Program of Lessons

# Trigonometric functions of any angle

Unit circle. Counting of angles in a unit circle.
Negative and positive angles. Quarters of a unit circle.
Sine and cosine lines. Sine. Cosine. Signs of sine and
cosine in different quarters of a unit circle. Tangent
and cotangent lines. Tangent. Cotangent. Signs of
tangent and cotangent in different quarters of a unit
circle. Secant and cosecant.

To build all trigonometry, laws of which would be valid for any angles ( not only for acute angles, but also for obtuse, positive and negative angles), it is necessary to consider so called a unit circle, that is a circle with a radius, equal to 1 ( Fig.3 ).

Let draw two diameters: a horizontal AA’ and a vertical BB’. We count angles off a point A (starting point). Negative angles are counted in a clockwise, positive in an opposite direction. A movable radius OC forms angle with an immovable radius OA. It can be placed in the 1-st quarter ( COA ), in the 2-nd quarter ( DOA ), in the 3-rd quarter ( EOA ) or in the 4-th quarter ( FOA ). Considering OA  and  OB  as positive directions and  OA’  and  OB’ as negative ones, we determine trigonometric functions of angles as follows.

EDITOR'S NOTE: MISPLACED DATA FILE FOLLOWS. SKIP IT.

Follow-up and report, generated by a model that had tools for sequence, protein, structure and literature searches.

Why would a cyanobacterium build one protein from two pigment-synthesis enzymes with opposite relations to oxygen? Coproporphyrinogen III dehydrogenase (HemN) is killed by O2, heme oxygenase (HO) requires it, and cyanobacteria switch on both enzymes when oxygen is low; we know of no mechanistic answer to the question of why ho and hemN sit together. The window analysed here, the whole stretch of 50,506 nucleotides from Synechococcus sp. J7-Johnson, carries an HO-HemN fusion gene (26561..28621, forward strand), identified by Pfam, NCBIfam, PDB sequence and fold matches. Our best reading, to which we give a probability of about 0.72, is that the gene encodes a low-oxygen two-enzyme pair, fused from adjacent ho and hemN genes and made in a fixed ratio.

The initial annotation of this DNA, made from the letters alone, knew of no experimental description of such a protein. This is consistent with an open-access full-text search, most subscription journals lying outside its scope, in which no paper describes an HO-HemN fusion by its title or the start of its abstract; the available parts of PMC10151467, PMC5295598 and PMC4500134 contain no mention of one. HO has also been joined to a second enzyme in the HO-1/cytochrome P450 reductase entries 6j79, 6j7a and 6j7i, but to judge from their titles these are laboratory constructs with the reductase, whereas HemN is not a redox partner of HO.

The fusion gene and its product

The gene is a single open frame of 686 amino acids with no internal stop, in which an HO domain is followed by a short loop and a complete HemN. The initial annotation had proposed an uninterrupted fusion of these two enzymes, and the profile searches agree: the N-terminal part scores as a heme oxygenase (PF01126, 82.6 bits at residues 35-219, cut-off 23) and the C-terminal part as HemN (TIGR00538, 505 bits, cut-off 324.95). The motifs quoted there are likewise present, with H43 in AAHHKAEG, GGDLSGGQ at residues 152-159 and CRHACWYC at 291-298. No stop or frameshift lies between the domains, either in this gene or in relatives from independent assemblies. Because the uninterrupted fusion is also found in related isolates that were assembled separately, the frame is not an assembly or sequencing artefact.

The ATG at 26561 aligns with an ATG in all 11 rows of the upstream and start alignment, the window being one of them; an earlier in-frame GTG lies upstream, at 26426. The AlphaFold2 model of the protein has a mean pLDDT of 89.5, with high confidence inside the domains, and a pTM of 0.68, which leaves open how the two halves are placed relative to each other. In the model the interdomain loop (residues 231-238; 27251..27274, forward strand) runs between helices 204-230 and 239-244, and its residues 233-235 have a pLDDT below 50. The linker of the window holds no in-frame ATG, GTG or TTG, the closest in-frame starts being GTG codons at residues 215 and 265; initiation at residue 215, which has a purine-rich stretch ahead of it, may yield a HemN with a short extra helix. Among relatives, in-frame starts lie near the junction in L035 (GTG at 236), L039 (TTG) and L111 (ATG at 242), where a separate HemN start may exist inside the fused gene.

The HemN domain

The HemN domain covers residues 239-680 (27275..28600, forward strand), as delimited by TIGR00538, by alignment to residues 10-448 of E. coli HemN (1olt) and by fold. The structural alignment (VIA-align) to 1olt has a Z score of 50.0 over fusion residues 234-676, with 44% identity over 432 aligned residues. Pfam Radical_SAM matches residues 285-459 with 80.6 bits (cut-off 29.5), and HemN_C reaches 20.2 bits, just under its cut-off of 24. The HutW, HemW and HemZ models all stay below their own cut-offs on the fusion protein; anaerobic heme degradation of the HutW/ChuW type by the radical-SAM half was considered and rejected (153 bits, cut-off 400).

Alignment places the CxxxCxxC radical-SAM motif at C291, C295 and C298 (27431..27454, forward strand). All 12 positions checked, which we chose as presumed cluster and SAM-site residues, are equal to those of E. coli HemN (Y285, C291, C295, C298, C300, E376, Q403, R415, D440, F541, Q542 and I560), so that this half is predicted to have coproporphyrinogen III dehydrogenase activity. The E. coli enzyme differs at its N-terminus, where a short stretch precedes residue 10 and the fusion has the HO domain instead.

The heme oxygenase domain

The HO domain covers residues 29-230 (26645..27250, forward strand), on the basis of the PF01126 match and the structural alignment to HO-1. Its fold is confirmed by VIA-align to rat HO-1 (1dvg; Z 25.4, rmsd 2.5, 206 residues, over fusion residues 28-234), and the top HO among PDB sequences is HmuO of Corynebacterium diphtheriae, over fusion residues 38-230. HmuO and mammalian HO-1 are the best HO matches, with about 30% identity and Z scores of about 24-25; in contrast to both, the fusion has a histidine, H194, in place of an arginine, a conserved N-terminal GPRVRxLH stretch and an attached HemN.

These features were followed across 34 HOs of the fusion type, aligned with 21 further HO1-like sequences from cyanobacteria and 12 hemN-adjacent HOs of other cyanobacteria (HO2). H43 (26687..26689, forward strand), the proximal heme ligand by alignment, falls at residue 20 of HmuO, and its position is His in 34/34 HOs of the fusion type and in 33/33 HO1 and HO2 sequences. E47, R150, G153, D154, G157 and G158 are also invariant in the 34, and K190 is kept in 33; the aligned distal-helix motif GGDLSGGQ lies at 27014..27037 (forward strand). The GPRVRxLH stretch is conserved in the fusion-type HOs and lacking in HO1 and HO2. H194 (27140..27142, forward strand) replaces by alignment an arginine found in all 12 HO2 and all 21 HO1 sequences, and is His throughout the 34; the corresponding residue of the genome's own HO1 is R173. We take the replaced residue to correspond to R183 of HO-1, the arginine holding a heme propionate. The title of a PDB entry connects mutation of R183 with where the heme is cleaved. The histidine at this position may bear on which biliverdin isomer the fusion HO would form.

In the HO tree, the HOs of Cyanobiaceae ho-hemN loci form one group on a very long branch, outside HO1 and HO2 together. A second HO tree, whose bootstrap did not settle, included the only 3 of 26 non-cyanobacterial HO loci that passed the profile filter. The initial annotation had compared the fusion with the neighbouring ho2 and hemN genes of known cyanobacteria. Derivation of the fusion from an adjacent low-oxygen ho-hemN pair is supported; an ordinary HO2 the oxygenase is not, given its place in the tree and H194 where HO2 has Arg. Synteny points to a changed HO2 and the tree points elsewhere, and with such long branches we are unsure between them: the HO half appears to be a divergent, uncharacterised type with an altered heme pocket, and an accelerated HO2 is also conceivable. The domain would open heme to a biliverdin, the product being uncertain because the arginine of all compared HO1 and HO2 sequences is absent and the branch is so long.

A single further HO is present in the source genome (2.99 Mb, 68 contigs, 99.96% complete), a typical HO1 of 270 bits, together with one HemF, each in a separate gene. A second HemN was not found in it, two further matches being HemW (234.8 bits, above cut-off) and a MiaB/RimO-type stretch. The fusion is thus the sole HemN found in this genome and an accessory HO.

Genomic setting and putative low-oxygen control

A sine line of an angle ( Fig.4 ) is a vertical diameter of a unit circle, a cosine line of an angle - a horizontal diameter of a unit circle. A sine of an angle ( Fig.4 ) is the segment OB of a sine line, that is a projection of a movable radius OK to a sine line; a cosine of an angle - the segment OA of a cosine line, that is a projection of a movable radius OK to a cosine line.

Signs of sine and cosine in different quarters of a unit circle are shown on Fig.5 and Fig.6.

A tangent line ( Fig.7 ) is a tangent, drawn to a unit circle through the point A of a horizontal diameter.
A cotangent line ( Fig.8 ) is a tangent, drawn to a unit circle through the point B of a vertical diameter.
A tangent is a segment of a tangent line between the tangency point A and an intersection point ( D, E, etc., Fig.7 ) of a tangent line and a radius line.
A cotangent is a segment of a cotangent line between the tangency point B and an intersection point ( P, Q, etc., Fig.8 ) of a cotangent line and a radius line.

Signs of tangent and cotangent in different quarters of a unit circle see on Fig.9.

Secant and cosecant are determined as reciprocal values of cosine and sine correspondingly.

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